Excessive menstrual bleeding is usually known as menorrhagia. It can be a distressing problem, and is one of the most common reasons for women to visit their GP. 1 in 20 women consult their GP every year about this problem.
In more than half of cases menorrhagia has no obvious cause. However, it is sometimes related to the presence of organic disease. Known causes include:
- Fibroids: benign enlargements of muscle in the wall of the womb
- Endometrial polyps: benign outgrowths of the lining of the womb
- Endometriosis: misplaced tissue in the lining of the womb
- Pelvic inflammatory disease: ongoing infection of the pelvis
- Polycystic Ovarian Syndrome (PCOS)
- Cancer of the womb lining (Endometrial Carcinoma)
For more information on these conditions, see the relevant WHC factsheets. Recent research connects heavy periods to excessive levels of hormones called prostaglandins, which ensure that the lining of the womb is shed every month.
Other causes of irregular and heavy bleeding may be:
- Abnormal hormone cycles
- Blood clotting disorders (rare)
- Thyroid gland problems – (also rare)
- Intra-uterine contraceptive devices (IUCDs)
- Oral contraceptive pills, in some women
- Sterilization undertaken by tying of the fallopian tubes
Symptoms and effects
The average amount of blood lost during a period is 35ml – about half a tea cup.
Bleeding is considered abnormal when more than 80ml is lost, since above this point there is a risk of anaemia. Some women lose much more blood. Bleeding more than a litre each month has been recorded, but this is very unusual. Regular heavy periods with no other bleeding during the cycle are not normally associated with significant disease in young women. Irregular heavy periods and bleeding between periods or after sexual intercourse may indicate a serious condition. Other symptoms to watch out for include prolonged periods, tiredness, light headedness, poor sleep patterns and breathlessness. Although in most cases irregular periods do not indicate a serious condition, it is always wise to seek advice from your GP.
In cases of abnormal bleeding it is important to discover if there is any underlying problem in the pelvis. This is done by means of a simple pelvic examination. The doctor inspects the vulva, vagina and cervix (neck of the womb) to make sure there is no abnormality that could account for the bleeding. At the same time the doctor can check for signs of other conditions such as fibroids or endometriosis.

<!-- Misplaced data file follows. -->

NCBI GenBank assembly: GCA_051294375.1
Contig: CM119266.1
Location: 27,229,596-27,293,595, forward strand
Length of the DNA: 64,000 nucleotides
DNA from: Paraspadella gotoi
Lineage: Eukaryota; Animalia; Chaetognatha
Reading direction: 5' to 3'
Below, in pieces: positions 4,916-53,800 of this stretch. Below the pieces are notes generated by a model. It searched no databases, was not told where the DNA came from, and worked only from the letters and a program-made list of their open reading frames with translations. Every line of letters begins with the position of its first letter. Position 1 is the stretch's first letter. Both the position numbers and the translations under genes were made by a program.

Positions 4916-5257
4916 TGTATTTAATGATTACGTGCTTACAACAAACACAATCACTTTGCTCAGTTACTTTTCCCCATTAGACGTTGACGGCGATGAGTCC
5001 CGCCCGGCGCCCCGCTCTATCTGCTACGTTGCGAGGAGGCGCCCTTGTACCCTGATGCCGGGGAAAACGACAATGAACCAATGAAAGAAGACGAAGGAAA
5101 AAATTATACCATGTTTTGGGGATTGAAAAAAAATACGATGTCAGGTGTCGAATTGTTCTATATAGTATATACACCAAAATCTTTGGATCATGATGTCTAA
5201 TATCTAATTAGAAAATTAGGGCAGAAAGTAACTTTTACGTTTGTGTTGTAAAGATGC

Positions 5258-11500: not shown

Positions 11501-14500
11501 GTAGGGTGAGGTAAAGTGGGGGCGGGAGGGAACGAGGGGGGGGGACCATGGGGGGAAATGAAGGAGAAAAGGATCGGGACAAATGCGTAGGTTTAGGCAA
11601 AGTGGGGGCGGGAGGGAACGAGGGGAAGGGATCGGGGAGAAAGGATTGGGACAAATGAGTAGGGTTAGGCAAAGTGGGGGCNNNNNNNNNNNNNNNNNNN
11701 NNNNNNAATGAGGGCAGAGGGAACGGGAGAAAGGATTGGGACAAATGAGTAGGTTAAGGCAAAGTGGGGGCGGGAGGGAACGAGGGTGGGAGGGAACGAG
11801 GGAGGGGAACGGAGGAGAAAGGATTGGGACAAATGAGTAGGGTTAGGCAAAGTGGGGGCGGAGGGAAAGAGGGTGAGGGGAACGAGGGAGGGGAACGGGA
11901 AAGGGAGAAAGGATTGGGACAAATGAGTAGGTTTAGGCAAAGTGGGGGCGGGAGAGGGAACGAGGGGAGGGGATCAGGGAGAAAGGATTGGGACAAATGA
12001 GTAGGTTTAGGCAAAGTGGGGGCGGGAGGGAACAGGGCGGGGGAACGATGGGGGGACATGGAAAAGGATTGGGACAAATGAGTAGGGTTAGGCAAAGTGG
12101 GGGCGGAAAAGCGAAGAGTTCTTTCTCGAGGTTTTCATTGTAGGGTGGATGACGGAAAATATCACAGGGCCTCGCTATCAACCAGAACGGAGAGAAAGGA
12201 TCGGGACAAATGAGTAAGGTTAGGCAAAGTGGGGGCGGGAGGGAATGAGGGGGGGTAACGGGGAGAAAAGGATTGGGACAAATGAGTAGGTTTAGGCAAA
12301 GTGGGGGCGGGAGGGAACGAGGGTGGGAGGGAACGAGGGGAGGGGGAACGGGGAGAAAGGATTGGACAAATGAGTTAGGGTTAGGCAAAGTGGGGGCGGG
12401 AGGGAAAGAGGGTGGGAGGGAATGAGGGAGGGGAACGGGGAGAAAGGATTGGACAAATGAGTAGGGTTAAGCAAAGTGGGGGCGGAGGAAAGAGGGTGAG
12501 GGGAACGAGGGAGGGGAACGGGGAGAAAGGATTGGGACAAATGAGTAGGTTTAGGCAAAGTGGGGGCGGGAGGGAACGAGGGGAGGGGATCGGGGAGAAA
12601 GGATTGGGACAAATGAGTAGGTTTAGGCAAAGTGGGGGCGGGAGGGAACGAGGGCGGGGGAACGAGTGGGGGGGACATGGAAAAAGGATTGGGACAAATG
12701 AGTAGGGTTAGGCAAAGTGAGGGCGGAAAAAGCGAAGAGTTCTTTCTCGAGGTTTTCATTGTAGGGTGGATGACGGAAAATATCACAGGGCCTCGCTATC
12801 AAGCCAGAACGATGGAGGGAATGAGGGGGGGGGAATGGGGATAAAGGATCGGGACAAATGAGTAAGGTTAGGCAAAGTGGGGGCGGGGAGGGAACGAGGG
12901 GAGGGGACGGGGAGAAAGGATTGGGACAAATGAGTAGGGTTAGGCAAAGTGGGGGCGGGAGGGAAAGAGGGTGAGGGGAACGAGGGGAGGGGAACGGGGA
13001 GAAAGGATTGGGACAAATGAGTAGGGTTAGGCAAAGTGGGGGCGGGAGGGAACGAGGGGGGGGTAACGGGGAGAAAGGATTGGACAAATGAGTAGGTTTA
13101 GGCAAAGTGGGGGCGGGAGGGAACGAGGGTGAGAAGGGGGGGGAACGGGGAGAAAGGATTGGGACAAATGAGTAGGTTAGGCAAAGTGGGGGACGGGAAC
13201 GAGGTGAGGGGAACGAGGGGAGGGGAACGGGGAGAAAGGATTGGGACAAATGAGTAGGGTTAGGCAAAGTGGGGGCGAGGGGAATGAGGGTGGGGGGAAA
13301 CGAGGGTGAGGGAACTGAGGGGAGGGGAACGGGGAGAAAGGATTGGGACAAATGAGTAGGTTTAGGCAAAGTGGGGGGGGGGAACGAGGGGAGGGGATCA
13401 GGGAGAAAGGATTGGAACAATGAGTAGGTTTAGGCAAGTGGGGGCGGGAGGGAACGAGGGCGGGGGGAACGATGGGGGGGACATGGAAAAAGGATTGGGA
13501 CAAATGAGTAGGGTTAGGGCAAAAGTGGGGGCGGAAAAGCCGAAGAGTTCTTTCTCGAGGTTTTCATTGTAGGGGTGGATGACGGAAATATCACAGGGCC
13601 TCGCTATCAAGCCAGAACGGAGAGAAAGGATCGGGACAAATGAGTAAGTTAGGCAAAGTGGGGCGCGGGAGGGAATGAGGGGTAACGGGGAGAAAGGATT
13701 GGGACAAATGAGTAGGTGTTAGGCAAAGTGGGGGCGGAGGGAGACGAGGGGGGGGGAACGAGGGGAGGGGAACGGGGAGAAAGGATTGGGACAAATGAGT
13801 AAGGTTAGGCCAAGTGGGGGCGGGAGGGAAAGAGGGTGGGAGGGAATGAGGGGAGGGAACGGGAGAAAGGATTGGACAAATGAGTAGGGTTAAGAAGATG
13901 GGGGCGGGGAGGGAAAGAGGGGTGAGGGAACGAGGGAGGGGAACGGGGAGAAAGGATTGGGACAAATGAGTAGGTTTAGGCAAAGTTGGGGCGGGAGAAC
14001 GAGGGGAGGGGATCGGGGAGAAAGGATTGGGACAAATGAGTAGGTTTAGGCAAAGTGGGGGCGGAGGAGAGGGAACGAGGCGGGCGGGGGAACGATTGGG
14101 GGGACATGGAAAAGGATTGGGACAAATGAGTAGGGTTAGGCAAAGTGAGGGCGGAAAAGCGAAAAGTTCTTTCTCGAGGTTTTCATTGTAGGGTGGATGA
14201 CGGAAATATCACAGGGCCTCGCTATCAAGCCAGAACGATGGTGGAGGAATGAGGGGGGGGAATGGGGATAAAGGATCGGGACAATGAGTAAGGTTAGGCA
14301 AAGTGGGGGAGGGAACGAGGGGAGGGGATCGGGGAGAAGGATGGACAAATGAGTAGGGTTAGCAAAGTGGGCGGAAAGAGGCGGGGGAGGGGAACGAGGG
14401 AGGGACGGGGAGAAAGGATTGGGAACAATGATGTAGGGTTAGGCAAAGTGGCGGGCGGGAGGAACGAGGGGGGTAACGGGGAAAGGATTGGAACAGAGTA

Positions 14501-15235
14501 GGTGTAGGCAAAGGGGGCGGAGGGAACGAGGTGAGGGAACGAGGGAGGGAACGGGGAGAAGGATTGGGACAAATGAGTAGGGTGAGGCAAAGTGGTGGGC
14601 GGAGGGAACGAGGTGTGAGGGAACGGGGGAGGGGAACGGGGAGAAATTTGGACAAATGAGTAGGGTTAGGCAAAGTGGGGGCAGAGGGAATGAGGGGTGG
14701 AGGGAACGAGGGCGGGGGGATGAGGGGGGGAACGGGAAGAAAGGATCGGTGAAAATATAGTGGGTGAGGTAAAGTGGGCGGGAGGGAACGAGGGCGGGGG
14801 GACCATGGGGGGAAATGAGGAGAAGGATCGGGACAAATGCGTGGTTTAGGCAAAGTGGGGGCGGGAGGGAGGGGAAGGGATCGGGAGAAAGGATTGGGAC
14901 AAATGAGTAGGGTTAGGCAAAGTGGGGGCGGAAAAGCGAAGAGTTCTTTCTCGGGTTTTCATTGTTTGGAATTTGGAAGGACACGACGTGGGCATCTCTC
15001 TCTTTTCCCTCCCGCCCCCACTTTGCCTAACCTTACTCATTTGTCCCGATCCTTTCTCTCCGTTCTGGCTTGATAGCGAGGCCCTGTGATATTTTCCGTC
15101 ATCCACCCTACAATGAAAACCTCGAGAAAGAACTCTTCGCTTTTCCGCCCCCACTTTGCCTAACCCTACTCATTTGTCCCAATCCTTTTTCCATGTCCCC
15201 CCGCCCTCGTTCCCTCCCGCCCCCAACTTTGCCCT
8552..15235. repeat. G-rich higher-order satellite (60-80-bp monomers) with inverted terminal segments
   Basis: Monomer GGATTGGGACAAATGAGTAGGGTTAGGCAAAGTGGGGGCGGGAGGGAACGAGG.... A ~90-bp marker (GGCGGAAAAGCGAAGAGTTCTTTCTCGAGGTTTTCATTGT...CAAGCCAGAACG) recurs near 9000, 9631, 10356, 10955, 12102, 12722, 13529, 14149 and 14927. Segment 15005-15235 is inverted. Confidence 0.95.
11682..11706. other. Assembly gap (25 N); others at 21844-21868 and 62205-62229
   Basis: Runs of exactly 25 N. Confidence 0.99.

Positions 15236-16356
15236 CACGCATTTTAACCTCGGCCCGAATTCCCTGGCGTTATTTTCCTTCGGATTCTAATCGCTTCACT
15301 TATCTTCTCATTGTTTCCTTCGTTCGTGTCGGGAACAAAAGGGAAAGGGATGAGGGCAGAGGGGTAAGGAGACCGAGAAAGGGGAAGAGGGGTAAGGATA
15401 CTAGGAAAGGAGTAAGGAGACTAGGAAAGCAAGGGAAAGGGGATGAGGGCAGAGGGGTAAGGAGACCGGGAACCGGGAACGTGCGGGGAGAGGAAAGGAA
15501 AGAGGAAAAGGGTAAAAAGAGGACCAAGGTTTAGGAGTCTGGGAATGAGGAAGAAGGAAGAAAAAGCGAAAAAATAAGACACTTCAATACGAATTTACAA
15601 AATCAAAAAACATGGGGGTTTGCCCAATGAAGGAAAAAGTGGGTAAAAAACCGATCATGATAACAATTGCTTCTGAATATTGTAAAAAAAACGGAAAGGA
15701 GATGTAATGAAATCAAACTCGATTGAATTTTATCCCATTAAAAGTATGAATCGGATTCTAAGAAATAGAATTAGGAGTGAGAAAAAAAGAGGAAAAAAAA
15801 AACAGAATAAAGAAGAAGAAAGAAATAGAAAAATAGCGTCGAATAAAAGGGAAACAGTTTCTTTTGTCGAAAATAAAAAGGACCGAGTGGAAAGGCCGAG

Sometimes further tests are needed.
These may include:
- Transvaginal ultrasound scan: This is likely to be the first investigation
- Endometrial biopsy: A piece of the womb lining is taken and examined under a microscope
- Hysteroscopy: A similar tube is passed through the neck of the womb so that the womb cavity can be examined
- Laparoscopy: A viewing tube is passed through a small incision below the naval, allowing the doctor to look at the outside of the womb, ovaries, fallopian tubes and other pelvic organs. Hysteroscopy is likely to precede laparoscopy
- Measuring menstrual blood loss: The quantity of menstrual blood can be measured by weighing a dry then wet tampon or sanitary pad.
Treatment options depend on the type and duration of abnormal bleeding, the presence of organic disease, her age, and whether childbirth is involved. Medical treatment includes drugs which act either by reducing levels of prostaglandins, or by affecting the blood clotting process that takes place in the womb during periods. A commonly prescribed drug is tranexamic acid. This is taken in tablet form, and helps to reduce blood loss but does not reduce the duration of bleeding. Hormones such as progestogens or the combined oral contraceptive pill can also be prescribed, mainly for regularising irregular periods rather than reducing the amount of blood loss. The Mirena, an intra-uterine progestogen releasing system, has been shown to be very effective in reducing the amount of blood loss, and indeed, periods may almost disappear after six months. The device is effective for five years. Hormone replacement therapy may benefit women nearing the menopause. In cases of severe bleeding, it may be necessary to administer a drug which stops periods altogether.
It was believed for many years that a curettage – scraping out the womb lining – reduced bleeding, but now it is known to have no long term effect. The ultimate solution for abnormal bleeding is removal of the womb, or ‘hysterectomy’. Endometrial ablation is a newer technique which involves local destruction or removal of the womb lining. However, it is not suitable for all women. For more information on these procedures see our related factsheets: Hysterectomy and Endometrial ablation.
This factsheet has been produced by Women’s Health Concern and reviewed by members of our Medical Advisory Panel. It is for your information and advice and should be used in consultation with your own medical practitioner.
Updated: March 2010
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